The #1 skill that separates mentally strong kids from those who give up — and how to teach them

A raging pandemic, gun violence, climate change—as an educational psychologist, I have seen firsthand how today’s disturbing events are taking their toll on our children.

“It’s hard to stop thinking about bad things,” an 11-year-old told me recently. “Sometimes I worry about waking up.”

Without the right tools to deal with adversity, hopelessness can set in and children’s overall well-being can decline. Hope gives them the strength to stay mentally strong in difficult times, and that differentiates them from those who give up easily.

Research shows that hopelessness can dramatically reduce childhood anxiety and depression. Hopeful children have an inner sense of control. They see challenges and obstacles as temporary and surmountable, so they are more likely to thrive and help others.

Yet despite its immense power, hope is largely excluded from our parenting agenda. The good news? Hope is teachable. One of the best ways to increase this strength is to teach children skills to deal with life’s inevitable bumps.

Here are nine science-backed ways to help kids keep hope alive—especially during tough times:

1. Stop the negativity in the moment.

Unfounded pessimism eats away at hope, which is why it’s important to help kids learn negativity before it becomes a habit. Develop private code to signal that “this is a negative comment,” such as B. pulling your ear. Then encourage them to interrupt negative thoughts.

Creating a nickname for her pessimistic voice (“Mr. Negative Nelly”) can help children control her. If your child expresses even a little optimism (“I’m getting better at this.”), greet them (“Yes, I can see that you’ve been practicing!”).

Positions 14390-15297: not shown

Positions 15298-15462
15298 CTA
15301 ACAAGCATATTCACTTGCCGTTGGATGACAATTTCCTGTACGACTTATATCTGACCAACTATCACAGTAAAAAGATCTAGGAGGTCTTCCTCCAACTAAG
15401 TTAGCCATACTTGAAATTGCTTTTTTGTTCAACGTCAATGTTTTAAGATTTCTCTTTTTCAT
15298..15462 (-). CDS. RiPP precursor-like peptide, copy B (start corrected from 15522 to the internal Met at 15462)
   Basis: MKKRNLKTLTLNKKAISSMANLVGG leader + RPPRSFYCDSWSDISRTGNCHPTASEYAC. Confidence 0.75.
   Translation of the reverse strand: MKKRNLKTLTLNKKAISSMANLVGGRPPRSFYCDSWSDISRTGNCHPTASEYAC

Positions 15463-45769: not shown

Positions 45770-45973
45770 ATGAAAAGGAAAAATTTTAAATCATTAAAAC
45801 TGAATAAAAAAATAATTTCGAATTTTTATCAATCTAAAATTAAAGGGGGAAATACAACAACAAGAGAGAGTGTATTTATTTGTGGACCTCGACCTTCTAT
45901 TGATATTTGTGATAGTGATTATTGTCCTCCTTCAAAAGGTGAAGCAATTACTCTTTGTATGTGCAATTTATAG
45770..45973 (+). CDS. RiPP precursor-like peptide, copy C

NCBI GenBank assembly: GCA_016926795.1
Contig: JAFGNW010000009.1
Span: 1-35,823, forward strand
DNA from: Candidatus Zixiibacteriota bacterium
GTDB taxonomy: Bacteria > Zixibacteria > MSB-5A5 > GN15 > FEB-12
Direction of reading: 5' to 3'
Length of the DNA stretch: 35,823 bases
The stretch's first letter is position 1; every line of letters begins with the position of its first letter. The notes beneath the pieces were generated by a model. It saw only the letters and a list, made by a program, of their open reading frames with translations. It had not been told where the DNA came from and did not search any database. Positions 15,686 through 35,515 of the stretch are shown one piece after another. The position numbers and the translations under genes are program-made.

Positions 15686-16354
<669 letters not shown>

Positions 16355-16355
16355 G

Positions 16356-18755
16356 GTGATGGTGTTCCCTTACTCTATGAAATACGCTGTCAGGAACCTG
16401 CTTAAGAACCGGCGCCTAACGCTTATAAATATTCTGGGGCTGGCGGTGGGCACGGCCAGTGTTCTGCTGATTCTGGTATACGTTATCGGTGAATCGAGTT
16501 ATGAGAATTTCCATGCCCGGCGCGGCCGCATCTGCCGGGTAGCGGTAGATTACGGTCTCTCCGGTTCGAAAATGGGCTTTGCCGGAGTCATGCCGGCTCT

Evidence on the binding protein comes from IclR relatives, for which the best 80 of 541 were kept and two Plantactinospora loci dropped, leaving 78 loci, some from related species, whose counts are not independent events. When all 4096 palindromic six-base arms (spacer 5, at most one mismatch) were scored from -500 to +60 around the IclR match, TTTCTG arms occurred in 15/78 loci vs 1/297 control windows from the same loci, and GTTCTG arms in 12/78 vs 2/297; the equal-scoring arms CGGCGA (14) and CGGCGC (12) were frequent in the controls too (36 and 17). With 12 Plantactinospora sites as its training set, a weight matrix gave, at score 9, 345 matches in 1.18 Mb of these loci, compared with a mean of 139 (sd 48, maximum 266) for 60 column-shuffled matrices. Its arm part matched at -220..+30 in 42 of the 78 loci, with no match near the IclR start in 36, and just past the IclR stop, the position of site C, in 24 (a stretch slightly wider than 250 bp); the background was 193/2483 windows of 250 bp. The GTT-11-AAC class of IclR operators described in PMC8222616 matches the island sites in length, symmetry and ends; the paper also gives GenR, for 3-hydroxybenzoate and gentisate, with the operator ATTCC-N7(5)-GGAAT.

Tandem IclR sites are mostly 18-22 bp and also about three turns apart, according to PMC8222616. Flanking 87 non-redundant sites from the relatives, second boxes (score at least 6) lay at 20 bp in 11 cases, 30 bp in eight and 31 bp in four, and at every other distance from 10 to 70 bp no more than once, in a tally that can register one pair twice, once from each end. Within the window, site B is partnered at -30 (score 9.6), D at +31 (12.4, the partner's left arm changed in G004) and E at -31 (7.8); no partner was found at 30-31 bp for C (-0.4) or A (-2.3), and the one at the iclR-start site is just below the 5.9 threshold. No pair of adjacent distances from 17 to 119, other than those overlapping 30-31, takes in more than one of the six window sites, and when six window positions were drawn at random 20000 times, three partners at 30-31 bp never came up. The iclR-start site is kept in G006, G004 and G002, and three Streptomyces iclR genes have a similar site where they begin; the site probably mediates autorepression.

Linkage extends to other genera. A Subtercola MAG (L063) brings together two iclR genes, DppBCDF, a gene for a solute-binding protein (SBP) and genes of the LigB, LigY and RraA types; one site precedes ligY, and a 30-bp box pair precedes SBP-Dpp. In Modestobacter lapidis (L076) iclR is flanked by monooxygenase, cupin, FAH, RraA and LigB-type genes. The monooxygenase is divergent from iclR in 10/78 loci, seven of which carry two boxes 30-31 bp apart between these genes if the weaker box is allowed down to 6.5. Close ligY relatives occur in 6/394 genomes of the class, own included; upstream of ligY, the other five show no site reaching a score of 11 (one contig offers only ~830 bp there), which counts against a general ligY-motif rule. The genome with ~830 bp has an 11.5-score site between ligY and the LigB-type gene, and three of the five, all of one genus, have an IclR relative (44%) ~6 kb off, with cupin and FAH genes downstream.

2. Use hopeful mantras.

Words have great power. Help your child develop an optimistic mantra (“I got this!”, “There’s always tomorrow,” or “I’m fine”) to use in difficult times. Then teach them to use the phrase to reduce pessimism.

You can also get your kid to set their positive mantra as their phone screensaver by using quote creation platforms like Canva. Don’t forget to adopt one for yourself. Say it until your voice becomes your child’s inner voice.

I’ve always said, “I’ve got what it takes!” to my kids, and now they still say it as adults.

3. Teach brainstorming.

Hopeful children do not avoid problems. They embrace it straight away because they’ve learned that problems can be solved.

Explain to your child, “The trick to getting out of a tight spot is to activate your brain for solutions.” Then teach brainstorming. One trick is to use the acronym STAND to help kids remember the steps:

  • Sdown so you can think.
  • Tell your problem.
  • Ask: “What else can I do?”
  • NAme all you could do to resolve it without judgements.
  • DMake the best choice and do it.

4. Share hopeful news.

Hopeful children hear hopeful stories. Violent media can make the world seem totally mean, frighteningly dangerous. Uplifting news keeps children’s hope alive.

Look for inspirational messages to share with your kids from time to time. Before bedtime, introduce a review of the good parts of each person’s day to help your kids discover the bright side of life.